Following President Rajapaksa’s decision to skip the Commonwealth Games that started just a little over a week ago, it has been reported that he would also not be attending the Commonwealth’s official First World War Commemoration Service in Glasgow next week despite being the Chair of the bloc.
President Rajapaksa’s absence at the First World War Commemoration Service was reported in an article published in Herald Scotland, which quoted the Department for Culture, Media and Sport (DCMS) as stating that although an invitation was extended, he would not be attending and would instead be represented by Sri Lanka’s High Commissioner to the UK.
Although his decision to refrain from attending the Commonwealth Games was attributed to security concerns, it was obvious that the underlying reason were his fear of demonstrations that were to be staged upon his arrival against the backdrop of mounting allegations on human rights allegations and the culture of impunity against his regime.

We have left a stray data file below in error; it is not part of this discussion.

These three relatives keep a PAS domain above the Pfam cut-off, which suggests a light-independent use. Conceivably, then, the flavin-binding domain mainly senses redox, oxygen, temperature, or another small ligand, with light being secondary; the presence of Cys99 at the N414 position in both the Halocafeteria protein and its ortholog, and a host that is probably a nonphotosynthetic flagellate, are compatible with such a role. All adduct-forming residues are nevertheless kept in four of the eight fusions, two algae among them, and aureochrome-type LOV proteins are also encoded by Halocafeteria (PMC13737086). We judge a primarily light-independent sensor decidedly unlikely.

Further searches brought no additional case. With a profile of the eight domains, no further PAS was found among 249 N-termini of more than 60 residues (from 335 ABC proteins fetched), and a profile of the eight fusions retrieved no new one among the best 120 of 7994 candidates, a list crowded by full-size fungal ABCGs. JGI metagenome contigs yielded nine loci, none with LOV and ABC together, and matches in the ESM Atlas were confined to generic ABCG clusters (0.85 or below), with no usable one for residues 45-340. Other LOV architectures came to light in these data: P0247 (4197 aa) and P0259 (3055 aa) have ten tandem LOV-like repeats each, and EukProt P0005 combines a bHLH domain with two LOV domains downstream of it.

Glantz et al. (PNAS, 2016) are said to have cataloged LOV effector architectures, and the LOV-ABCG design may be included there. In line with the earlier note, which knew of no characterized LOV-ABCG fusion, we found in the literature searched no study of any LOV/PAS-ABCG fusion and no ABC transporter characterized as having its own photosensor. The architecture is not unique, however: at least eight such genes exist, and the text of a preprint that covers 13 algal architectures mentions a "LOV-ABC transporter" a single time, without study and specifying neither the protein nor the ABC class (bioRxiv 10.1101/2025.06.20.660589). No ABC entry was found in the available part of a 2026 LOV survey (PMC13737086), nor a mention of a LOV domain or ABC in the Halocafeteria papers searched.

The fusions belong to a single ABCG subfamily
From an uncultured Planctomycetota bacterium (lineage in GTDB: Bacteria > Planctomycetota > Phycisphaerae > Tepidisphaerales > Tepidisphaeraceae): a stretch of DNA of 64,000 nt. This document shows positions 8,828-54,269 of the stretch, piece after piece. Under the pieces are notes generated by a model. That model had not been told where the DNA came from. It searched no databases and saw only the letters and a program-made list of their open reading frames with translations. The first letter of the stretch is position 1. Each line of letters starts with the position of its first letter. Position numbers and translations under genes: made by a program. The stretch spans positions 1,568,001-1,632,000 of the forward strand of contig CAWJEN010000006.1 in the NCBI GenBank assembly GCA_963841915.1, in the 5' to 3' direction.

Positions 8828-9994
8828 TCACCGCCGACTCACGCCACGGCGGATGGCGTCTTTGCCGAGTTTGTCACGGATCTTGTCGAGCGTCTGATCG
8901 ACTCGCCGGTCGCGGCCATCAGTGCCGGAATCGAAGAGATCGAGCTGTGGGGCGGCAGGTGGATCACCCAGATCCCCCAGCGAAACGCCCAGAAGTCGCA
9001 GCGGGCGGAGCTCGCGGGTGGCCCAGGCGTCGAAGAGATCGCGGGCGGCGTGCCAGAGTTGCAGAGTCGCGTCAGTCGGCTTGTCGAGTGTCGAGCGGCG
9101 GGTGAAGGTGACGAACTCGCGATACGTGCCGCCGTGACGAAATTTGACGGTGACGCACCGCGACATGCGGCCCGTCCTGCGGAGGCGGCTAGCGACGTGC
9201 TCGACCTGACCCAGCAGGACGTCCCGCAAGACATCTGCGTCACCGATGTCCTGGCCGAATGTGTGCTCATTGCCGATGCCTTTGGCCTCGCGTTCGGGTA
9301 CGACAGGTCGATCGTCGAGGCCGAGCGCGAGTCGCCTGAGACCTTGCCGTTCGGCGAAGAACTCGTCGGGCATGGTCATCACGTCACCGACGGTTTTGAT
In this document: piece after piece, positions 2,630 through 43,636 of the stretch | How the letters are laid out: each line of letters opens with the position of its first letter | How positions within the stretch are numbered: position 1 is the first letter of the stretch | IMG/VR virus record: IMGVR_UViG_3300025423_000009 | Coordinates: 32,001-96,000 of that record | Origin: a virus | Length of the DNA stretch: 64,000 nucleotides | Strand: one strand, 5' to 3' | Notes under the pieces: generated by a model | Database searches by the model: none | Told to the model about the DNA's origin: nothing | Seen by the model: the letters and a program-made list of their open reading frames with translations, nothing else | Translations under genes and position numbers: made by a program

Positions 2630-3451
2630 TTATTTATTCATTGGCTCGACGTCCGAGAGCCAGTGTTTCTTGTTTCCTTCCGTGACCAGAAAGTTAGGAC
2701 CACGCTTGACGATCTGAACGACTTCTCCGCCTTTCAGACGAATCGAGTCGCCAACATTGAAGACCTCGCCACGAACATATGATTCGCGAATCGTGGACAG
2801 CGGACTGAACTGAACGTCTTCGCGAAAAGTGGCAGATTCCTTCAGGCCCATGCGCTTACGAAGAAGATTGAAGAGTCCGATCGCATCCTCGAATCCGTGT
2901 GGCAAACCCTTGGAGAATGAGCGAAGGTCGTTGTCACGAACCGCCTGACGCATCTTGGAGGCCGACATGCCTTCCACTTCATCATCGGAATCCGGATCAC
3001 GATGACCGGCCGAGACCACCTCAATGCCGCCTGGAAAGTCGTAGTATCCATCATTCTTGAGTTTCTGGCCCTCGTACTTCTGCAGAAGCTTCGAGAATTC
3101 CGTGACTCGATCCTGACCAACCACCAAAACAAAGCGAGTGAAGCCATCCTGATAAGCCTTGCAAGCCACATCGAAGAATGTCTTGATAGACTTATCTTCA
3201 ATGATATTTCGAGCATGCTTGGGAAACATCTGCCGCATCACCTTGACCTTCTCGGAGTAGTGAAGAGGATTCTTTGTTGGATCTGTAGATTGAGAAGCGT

Meanwhile, the Herald Scotland also reported that campaigners have welcomed President Rajapaksa’s decision to refrain from attending the event held to remember those killed in conflict.
The article had quoted Fred Carver – campaign director for the Sri Lanka Campaign For Peace And Justice, as stating: “The President of Sri Lanka, the chair of the Commonwealth, is clearly an international embarrassment, and that in turn is an embarrassment for the Commonwealth,” adding, “It is not enough for those responsible for war crimes to merely be shunned on the international stage. The British Government needs to work to bring them and their henchmen to justice.”
The Shadow Foreign Secretary Douglas Alexander had also welcomed the confirmation, adding: “I have expressed deep reservations about President Rajapaksa’s suitability to represent the Commonwealth, especially as Sri Lanka remains a designated ‘country of concern’ in the UK’s annual Human Rights report.”